The Role of Paramilitary Forces

Homegrown paramilitary forces also posed a significant command and control problem for both the HVO and the ABiH. Several of the Bosnian political parties sponsored their own armed forces, and there were also a number of small, private armies raised by Croat and Muslim leaders. Such groups, some of which were little more than heavily armed bandit gangs, were impossible to restrain, short of mounting an all-out campaign to annihilate them.

The principal paramilitary organization posing a control problem for HVO authorities in central Bosnia was the Croatian Defense Force (HOS), the military arm of the ultra-right wing Croatian Party of Rights (HSP), which had branches in both Croatia and Bosnia-Herzegovina.20 The HOS forces, dressed in black and sporting a variety of fascist insignia, included both Muslims and Croats and cooperated enthusiastically with the HVO and the ABiH in the fight against the Bosnian Serbs.21 The HOS headquarters was in Ljubuski, and its principal area of operations was in the southern areas of Bosnia-Herzegovina. Extremist in their orientation, HOS soldiers were responsible for numerous excesses—including the operation of notorious detention centers for Serb prisoners in Capljina and Mostar.22

Initially, both HVO and RBiH authorities tolerated the unpredictable and unruly HOS forces for their value in fighting the Serb aggressors. Relations between the HVO and HOS soured quickly, however, after the HVO was implicated in the ambush and death of Blaz Kraljevic, a HOS commander, and seven other HOS members at a police checkpoint in the village of Krusevo on August 9, 1992.23 Soon thereafter, HOS forces in western Herzegovina were disarmed by the HVO, and on August 23, HOS and HVO officials in Herzegovina agreed that the HOS would be absorbed by the HVO. The remaining HOS units were subsequently recognized by the government of Bosnia-Herzegovina as part of the ABiH (as was the HVO). Those HOS forces operating in central Bosnia under the command of Mladen Holman were later merged with the HVO in central Bosnia on April 5, 1993.24 The HOS units in the Zenica area, along with their vehicles, weapons, ammunition, and other matériel, were integrated into the HVO and placed under the command of the Jure Francetic and 2d Zenica Brigades.

The OZCB commander had several other small paramilitary groups under his nominal control. Among them was the so-called Alpha Force, a thirty-five-man reconnaissance and sabotage group formed on April 6,

Fig. 3-1. Organization of HVO 4th Military Police (VP) Battalion

Fig. 3-1. Organization of HVO 4th Military Police (VP) Battalion

Blaz Kraljevic

Note: Organization shown is as of February 15,1993.

Source:Commander, 4th Military Police Battalion (Pasco Ljubicic) to Military Police Administration, Mostar, no. 02-4/3-07-190/93, Vitez, Feb. 15,1993, subj: (Military Police Payroll), KC D321/1.

1992. Kris Wilson, a Briton, led the Vitez-based organization.25 Another shadowy paramilitary force operating in the Lasva Valley was the so-called Tvrtko II, which appears to have been a locally sanctioned PPN-type unit. It, too, apparently operated under at least the nominal control of the OZCB commander inasmuch as it is listed on the distribution list for some HQ, OZCB, orders and messages. There were several similar local special purpose units under the HVO 111xp Brigade in the Zepce area.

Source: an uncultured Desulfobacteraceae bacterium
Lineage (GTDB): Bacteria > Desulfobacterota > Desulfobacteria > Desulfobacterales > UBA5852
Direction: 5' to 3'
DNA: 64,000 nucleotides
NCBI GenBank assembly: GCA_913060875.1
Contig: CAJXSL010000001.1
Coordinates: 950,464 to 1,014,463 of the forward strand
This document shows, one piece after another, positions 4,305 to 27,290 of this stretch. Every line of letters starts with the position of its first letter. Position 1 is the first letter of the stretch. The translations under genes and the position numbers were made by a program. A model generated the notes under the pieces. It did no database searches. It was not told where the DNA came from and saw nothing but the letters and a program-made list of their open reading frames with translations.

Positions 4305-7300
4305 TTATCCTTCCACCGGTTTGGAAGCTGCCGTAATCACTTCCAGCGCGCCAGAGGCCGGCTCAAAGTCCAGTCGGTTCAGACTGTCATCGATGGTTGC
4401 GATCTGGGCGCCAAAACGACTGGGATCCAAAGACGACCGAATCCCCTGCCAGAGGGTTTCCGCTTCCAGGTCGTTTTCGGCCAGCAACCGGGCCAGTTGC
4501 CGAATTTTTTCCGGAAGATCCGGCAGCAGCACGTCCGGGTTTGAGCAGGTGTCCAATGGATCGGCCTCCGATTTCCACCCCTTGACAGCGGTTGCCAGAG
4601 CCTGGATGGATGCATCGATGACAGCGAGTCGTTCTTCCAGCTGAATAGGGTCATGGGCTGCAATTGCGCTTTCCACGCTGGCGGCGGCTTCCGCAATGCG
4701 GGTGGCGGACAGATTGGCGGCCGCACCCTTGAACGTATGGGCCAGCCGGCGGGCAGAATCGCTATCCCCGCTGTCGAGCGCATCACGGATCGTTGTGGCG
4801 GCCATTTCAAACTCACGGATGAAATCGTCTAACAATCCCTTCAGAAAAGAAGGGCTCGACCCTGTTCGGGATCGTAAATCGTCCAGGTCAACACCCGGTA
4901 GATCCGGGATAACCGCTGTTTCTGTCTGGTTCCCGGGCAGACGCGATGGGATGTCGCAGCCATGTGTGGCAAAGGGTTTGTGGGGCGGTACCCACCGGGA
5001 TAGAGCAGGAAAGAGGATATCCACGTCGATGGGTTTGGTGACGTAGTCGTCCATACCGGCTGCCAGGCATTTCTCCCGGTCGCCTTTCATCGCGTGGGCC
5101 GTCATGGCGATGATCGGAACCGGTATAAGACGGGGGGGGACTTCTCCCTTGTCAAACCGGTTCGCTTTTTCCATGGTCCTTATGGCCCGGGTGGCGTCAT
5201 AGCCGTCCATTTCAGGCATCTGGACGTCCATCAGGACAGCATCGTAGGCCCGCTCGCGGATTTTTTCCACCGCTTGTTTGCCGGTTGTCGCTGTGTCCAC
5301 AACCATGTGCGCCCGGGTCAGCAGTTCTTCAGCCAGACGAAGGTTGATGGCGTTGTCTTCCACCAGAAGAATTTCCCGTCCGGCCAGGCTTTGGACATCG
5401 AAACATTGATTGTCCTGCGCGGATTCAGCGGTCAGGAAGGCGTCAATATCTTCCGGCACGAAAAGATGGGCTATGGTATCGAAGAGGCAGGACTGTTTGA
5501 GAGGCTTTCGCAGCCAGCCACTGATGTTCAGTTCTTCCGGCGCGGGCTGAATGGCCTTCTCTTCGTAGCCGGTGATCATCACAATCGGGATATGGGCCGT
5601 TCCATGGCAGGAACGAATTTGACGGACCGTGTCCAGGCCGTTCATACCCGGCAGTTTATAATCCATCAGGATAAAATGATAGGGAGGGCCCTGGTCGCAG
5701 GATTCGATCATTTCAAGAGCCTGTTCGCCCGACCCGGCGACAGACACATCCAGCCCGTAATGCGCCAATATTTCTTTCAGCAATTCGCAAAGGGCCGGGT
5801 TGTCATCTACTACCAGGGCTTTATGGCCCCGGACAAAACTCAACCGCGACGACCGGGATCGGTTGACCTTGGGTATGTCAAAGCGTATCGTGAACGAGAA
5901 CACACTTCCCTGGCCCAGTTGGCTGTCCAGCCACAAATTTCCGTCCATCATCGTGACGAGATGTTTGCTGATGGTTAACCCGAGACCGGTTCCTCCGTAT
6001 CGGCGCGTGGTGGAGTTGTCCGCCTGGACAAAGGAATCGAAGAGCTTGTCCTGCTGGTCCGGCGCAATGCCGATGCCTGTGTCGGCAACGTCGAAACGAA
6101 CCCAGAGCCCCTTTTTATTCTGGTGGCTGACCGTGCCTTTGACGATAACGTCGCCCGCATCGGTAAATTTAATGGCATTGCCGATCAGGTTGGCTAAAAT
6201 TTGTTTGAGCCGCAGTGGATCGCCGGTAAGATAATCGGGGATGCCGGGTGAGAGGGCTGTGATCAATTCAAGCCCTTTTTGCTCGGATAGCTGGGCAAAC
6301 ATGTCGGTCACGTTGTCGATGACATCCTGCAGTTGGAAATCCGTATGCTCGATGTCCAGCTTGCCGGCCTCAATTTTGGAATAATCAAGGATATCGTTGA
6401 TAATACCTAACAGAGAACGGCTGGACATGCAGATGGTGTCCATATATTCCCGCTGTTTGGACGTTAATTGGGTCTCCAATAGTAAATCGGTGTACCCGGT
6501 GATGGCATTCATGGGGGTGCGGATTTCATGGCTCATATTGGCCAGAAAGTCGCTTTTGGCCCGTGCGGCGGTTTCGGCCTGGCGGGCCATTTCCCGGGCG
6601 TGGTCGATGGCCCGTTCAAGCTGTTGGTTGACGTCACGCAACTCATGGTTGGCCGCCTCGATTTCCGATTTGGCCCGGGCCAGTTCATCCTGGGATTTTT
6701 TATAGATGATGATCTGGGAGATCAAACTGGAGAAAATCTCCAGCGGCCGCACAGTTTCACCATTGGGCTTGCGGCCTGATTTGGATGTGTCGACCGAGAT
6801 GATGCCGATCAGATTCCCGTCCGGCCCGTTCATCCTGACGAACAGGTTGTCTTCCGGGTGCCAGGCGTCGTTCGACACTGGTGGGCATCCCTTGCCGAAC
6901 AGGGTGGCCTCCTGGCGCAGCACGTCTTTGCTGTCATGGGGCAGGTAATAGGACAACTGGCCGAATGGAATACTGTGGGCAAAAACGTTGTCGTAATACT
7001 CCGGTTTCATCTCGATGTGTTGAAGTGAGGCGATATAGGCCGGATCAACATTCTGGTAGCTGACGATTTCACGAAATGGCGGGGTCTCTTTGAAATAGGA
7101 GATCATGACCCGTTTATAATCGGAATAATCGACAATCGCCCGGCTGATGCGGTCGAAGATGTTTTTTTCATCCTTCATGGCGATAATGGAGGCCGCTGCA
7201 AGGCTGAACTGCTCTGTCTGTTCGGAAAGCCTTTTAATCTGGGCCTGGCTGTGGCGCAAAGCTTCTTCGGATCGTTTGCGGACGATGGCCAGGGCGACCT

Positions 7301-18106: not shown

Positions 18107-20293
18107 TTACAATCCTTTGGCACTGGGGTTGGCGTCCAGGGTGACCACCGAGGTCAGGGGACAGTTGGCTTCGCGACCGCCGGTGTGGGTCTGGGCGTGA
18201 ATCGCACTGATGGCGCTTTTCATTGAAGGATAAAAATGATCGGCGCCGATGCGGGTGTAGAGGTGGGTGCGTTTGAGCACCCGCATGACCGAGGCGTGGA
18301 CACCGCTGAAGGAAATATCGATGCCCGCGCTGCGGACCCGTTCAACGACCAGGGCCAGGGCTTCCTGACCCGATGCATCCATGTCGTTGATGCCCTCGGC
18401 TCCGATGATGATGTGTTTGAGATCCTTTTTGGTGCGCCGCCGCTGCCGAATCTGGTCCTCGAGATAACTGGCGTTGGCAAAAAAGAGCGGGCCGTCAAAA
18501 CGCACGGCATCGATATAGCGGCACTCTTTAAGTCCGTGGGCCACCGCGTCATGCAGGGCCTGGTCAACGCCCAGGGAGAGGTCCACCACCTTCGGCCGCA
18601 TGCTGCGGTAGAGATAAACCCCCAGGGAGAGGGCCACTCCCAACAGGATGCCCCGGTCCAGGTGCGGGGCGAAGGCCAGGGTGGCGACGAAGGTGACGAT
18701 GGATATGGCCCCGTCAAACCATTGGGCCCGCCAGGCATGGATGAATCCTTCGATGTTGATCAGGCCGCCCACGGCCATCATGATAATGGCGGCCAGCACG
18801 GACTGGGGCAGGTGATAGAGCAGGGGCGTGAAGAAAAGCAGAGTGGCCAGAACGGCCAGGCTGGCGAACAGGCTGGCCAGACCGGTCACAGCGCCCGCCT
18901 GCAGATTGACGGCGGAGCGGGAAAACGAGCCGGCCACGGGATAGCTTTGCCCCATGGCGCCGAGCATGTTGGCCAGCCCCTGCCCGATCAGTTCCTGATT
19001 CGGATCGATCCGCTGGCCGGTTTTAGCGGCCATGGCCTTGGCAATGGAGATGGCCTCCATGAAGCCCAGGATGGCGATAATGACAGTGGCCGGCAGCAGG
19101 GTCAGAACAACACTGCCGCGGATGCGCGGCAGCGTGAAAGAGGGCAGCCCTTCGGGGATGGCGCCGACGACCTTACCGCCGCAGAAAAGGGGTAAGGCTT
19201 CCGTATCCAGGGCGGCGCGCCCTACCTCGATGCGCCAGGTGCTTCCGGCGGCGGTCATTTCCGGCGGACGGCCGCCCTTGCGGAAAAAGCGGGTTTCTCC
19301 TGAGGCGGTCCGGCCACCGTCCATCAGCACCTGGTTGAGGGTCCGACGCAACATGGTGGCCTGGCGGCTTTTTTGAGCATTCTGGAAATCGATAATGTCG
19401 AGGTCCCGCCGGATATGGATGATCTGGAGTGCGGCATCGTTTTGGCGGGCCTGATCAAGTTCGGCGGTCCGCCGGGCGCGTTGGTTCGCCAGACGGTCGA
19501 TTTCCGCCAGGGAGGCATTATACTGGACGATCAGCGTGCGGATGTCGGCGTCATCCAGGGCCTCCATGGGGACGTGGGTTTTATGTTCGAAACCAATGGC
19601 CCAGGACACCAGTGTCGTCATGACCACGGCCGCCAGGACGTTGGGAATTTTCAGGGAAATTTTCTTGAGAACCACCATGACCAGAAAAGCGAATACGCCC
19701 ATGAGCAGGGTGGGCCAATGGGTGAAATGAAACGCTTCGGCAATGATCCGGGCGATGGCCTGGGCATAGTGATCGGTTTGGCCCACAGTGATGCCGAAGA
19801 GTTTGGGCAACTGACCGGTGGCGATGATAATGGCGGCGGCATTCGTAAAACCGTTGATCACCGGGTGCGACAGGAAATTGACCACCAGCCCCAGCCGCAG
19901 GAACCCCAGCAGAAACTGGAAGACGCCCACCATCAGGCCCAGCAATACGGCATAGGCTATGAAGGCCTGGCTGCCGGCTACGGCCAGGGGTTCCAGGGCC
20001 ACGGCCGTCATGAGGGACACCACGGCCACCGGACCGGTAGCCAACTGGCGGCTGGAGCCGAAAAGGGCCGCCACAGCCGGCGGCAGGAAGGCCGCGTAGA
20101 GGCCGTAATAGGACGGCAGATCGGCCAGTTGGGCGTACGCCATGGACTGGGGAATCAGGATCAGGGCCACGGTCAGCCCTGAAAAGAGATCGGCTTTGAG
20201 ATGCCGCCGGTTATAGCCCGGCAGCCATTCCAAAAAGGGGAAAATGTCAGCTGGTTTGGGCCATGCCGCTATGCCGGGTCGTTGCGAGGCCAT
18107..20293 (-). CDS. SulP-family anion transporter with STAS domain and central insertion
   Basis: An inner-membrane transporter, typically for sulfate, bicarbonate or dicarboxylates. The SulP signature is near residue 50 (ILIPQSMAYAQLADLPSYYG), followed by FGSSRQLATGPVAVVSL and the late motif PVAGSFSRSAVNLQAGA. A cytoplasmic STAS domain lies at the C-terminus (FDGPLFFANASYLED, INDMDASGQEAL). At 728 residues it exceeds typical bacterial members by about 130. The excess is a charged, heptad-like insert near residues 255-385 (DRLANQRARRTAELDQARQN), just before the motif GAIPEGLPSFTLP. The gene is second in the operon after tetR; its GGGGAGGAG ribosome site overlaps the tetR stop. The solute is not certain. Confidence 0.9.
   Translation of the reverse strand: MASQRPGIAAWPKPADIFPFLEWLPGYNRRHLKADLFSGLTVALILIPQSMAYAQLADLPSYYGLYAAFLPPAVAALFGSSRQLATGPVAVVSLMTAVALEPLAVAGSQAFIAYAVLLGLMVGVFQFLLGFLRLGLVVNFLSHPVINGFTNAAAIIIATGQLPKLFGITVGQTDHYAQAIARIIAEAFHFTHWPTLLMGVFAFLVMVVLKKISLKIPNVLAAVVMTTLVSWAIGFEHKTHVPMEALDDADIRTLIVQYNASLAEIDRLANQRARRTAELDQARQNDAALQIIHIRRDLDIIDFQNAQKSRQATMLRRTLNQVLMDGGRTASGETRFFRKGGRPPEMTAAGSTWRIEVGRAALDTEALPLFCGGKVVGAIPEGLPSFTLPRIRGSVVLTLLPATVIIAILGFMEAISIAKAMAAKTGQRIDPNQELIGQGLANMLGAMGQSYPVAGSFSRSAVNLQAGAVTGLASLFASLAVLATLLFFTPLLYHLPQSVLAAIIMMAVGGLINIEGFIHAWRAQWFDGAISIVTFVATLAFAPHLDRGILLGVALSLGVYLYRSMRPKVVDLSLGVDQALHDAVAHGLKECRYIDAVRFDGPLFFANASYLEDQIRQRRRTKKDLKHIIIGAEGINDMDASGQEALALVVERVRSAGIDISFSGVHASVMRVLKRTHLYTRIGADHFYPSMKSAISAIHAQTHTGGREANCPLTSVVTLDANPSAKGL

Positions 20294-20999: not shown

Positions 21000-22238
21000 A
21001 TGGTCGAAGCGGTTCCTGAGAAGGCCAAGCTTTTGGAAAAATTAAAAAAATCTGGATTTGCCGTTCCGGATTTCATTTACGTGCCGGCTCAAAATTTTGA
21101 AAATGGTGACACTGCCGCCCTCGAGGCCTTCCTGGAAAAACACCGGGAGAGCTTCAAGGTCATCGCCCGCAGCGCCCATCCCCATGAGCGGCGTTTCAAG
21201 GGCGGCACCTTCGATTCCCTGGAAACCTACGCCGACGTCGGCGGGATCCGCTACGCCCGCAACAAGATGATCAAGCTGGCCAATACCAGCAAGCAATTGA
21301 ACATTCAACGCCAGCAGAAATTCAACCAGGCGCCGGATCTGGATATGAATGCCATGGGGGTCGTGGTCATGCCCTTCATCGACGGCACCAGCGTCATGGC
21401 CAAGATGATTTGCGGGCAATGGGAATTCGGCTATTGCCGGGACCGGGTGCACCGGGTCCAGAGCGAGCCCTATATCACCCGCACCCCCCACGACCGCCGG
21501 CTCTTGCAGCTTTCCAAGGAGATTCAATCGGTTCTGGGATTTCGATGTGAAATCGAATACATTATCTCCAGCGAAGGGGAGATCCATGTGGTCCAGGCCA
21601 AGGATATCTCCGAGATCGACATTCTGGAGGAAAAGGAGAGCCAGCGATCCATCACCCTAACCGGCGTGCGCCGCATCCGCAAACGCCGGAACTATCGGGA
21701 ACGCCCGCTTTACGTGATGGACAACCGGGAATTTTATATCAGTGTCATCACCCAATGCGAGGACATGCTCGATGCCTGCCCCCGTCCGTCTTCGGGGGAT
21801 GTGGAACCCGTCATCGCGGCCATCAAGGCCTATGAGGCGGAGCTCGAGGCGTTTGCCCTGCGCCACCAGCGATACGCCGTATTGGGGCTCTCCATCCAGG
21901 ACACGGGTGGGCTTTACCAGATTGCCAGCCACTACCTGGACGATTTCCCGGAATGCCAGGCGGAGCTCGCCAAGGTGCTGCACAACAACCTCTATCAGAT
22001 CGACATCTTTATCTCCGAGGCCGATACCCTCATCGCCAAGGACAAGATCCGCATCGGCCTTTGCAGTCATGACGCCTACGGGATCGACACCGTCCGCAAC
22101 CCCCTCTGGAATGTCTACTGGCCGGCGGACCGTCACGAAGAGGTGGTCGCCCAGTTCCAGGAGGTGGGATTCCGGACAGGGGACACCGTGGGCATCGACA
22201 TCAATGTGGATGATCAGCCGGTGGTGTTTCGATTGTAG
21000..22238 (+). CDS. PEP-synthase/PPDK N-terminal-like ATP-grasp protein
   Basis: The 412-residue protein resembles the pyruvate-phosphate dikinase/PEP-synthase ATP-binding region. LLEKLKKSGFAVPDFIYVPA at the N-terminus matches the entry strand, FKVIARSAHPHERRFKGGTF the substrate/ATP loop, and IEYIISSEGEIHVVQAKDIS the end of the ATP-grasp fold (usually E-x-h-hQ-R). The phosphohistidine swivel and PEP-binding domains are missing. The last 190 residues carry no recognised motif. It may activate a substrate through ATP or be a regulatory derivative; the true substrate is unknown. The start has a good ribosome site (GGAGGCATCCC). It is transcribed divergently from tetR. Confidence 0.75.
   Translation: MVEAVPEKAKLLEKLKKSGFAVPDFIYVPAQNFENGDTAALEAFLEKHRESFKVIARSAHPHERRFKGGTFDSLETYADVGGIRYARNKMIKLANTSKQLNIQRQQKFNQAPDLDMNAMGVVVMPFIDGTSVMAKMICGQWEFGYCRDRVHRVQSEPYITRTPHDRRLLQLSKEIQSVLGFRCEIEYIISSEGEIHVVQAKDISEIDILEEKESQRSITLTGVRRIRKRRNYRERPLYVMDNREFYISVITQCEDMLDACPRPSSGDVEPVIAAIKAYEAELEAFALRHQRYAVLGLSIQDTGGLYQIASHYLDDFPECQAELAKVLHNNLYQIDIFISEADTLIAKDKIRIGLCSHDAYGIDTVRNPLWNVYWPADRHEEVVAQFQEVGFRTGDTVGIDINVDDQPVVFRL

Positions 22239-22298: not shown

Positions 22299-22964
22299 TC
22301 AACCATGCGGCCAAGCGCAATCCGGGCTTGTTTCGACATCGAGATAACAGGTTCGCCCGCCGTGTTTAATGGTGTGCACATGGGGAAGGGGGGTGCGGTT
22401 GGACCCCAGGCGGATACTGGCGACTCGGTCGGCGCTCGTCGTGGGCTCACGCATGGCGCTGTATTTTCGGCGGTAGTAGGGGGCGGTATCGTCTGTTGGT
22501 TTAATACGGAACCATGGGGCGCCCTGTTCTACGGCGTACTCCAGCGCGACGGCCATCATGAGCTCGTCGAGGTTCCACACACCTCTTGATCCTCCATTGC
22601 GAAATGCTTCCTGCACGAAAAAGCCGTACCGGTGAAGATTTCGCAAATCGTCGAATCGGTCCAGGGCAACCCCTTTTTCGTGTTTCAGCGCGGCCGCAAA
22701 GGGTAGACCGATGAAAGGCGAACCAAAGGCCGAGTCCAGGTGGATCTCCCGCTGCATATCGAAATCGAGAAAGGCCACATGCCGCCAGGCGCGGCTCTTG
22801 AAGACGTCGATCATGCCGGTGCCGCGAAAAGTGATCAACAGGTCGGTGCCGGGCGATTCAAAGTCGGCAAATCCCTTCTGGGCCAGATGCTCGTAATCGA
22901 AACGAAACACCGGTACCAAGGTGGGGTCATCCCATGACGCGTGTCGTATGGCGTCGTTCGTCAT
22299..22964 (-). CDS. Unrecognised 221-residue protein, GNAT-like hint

For Enver Hadzihasanovic, commander of the ABiH III Corps, the problem included "authorized" units acting independently, as well as a number of private armies and armed extremist groups operating in the corps area of operations. Some of them were little more than criminal gangs continuing the long Balkan tradition of the mountain bandit.

Although a regularly constituted unit of the ABiH, the 7th Muslim Motorized Brigade posed many of the same command and control problems for the commander of the ABiH III Corps that the Vitezovi and 4th Military Police Battalion posed for the commander of the HVO OZCB. Created in November, 1992, the 7th Muslim Motorized Brigade was an elite mobile unit made up of Bosnian Muslims particularly devoted to Islamic funda-mentalism.26 The brigade was normally dispersed, and its battalions, companies, or even platoons were employed in critical areas as assault troops or to stiffen other units. The brigade's officers and men tended to be radical and independent in outlook, and it appears that the unit had a close relationship with the mujahideen and received some funding from Emir Mah-mut Efendija Karalic's Islamic Center in Zenica.27 The III Corps commander was apparently able to exercise only nominal control over their operations, although Col. Asim Koricic, the brigade's commander from its formation to July, 1993, testified at the Blaskic trial that the brigade was totally subordinate to the III Corps commander.28

The private armies and other armed Muslim extremist groups operating in the region were also troublesome from the standpoint of effective command and control by the III Corps commander. Chief among those paramilitary units were elements of the Patriotic League not already integrated into the ABiH; the Muslim Armed Forces, made up primarily of Muslims who previously had been members of the HOS and based at the Bilmisce School in Zenica; and Ahmed Demirovic's Green Berets.29 The ABiH also employed several armed gangs raised and led by private individuals as special purpose units. These included the hundred-man Sosna Detachment in Novi Travnik, and two sixty- to eighty-man units—one in Nanetovi and one in Mercici.30

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